Rapid experiments that are conducted without a specific outcome in mind lets both the user and researcher uncover things at the same time. Questions and interviews that are open-ended and unstructured can be very effective, letting the user talk their way through the problem without the interviewer coloring the conversation. No “what is it that you want” questions, but instead “tell me about your experience with this” or “what is this like for you?” If you aren’t familiar with Reflective Listening, get familiar and integrate it into everything you do.

The activities under the research hat can be focused on documenting the user’s behaviors and providing that data back to the team and stakeholders. This can be done through observation, interview, or conducting rapid experiments to quickly validate assumptions while out in the field. What is important is that you bring back enough data to form a common vernacular around the users point of view. It allows that user you have been researching to become a “person” and helps everyone empathize with them a little easier.

What the Research Hat Delivers

  • Usage and usability observations. Data that can help developers, designers, and other UX hats see obstacles before they become bad experiences
  • A representation of the user’s level of knowledge, the words they use, behavior patterns, counterintuitive assumptions, levels of frustration, consistency between users.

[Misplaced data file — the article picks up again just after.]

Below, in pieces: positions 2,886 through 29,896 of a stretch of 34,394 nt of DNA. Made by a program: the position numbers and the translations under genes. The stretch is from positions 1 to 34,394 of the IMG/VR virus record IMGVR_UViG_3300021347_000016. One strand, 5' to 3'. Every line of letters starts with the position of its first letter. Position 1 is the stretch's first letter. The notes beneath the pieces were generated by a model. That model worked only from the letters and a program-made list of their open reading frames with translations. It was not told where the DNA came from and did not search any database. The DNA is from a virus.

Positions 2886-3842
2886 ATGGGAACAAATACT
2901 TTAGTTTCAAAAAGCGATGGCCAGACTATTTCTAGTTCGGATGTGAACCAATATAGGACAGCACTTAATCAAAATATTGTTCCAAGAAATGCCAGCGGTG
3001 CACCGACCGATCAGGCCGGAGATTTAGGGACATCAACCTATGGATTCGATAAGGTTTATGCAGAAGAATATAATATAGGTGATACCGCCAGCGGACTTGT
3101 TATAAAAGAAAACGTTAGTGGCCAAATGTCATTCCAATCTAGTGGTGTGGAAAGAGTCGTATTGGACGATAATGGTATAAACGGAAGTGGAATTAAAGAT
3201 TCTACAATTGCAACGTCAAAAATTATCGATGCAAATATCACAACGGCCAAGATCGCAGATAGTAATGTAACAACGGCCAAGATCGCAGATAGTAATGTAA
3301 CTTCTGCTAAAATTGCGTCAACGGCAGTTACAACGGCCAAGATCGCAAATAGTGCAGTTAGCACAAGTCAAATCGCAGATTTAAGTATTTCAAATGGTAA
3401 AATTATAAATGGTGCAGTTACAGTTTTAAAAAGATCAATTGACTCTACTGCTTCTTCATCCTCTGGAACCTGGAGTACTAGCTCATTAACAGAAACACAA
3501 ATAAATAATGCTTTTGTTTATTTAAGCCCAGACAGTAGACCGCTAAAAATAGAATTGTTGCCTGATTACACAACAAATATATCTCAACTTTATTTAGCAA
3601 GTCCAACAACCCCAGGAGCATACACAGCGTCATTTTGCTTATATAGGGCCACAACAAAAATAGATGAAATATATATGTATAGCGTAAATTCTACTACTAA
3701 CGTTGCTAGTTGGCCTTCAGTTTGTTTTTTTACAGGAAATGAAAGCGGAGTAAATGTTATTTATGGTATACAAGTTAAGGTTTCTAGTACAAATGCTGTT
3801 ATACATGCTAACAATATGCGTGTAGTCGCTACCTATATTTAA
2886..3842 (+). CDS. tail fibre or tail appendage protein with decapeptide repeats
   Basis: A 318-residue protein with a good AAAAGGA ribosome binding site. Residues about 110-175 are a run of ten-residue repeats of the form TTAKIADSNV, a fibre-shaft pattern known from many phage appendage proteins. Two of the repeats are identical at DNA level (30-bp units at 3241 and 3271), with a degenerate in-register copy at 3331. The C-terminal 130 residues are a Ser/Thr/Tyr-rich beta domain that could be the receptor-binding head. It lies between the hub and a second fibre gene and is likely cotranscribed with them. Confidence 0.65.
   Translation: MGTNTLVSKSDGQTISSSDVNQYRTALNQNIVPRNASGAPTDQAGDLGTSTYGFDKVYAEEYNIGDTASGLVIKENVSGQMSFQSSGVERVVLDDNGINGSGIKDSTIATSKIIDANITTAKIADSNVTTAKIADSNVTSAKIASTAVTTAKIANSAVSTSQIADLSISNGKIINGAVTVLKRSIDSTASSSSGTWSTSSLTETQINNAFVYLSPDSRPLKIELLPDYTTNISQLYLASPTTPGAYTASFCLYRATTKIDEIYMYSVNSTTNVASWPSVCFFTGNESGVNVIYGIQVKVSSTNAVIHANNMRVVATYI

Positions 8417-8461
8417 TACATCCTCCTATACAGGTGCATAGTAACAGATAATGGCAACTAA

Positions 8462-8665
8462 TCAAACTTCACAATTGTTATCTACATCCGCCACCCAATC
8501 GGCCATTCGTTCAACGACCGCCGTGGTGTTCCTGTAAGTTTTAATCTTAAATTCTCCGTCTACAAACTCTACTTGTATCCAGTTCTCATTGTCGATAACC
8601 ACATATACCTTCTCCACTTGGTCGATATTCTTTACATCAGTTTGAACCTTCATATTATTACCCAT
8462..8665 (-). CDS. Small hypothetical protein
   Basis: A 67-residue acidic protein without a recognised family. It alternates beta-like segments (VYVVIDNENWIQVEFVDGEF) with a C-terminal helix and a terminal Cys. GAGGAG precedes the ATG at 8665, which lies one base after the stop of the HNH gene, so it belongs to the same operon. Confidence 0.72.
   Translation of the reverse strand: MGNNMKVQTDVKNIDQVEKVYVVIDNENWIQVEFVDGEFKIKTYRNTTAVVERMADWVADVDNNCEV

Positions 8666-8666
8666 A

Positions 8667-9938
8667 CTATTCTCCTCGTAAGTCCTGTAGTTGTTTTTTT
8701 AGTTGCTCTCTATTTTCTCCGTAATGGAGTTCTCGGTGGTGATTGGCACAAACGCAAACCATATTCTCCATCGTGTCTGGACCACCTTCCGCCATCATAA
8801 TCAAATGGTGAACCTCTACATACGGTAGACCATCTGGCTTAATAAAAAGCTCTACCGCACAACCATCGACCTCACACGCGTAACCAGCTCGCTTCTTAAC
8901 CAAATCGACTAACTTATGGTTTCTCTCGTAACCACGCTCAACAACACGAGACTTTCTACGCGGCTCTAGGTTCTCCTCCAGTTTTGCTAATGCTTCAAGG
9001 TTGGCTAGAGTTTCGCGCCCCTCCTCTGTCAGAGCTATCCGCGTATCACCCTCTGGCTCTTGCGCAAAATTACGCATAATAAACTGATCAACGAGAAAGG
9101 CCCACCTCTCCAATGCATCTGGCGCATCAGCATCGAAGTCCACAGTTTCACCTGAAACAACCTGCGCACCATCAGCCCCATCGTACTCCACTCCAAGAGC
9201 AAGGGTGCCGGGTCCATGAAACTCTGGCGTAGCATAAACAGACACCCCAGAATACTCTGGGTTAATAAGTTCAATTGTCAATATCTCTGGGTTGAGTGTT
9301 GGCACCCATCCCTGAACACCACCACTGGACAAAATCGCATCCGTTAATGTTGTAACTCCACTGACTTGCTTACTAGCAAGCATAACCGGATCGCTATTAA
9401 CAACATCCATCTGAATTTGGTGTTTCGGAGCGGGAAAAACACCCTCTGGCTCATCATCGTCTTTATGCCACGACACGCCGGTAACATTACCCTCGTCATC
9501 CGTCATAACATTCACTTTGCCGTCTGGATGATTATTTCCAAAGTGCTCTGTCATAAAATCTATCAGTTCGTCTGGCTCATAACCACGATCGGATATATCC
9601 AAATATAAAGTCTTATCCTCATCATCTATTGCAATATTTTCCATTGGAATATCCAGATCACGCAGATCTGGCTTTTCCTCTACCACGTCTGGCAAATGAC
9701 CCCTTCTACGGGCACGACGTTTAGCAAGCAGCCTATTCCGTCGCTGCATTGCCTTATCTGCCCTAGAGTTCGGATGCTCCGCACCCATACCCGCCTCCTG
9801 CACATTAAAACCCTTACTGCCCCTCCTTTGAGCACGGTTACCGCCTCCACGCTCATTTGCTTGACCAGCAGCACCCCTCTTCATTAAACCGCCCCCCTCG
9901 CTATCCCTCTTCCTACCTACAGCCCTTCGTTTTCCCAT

Where the Business Value is Manifested

UX research provides the tangible data and feedback to help everyone stop jumping right to the solution. The biggest value that the research hat delivers is the clarification of the actual user problem that is trying to be solved. Targeted problems cut down on wasted time, unvalidated assumptions, and going down paths that have weak evidence that they are actually solving the the user problem, and not just a user problem.

The Information Architecture Hat


Information Architecture (abbreviated as IA), is how you organize information and content. It’s about process and flow, how does the user best get from point A to point B and how the construction of the content facilitates that. This involves determining the relationships between things, recognizing patterns in how the user perceives what is presented, creating a taxonomy, and most of all understanding the feedback loop between the user and the things they interact with. I have often described it as determining “right thing, right place, right time.”

The Civil Engineer

The IA hat is the UX equivalent of a real world architect or civil engineer. Is the structure sound? Do the people who use this thing have access to all the right places? Does this layout make sense? Are there any dead-ends we aren’t seeing? Does this creation serve its purpose? Is it safe (usable)? The person in the IA hat is who tells you “You wanted a bridge to accommodate certain needs. Here is how I’ve engineered how it should be put together.”

What the IA Hat Delivers

The IA hat delivers some of the most powerful parts in a UX process.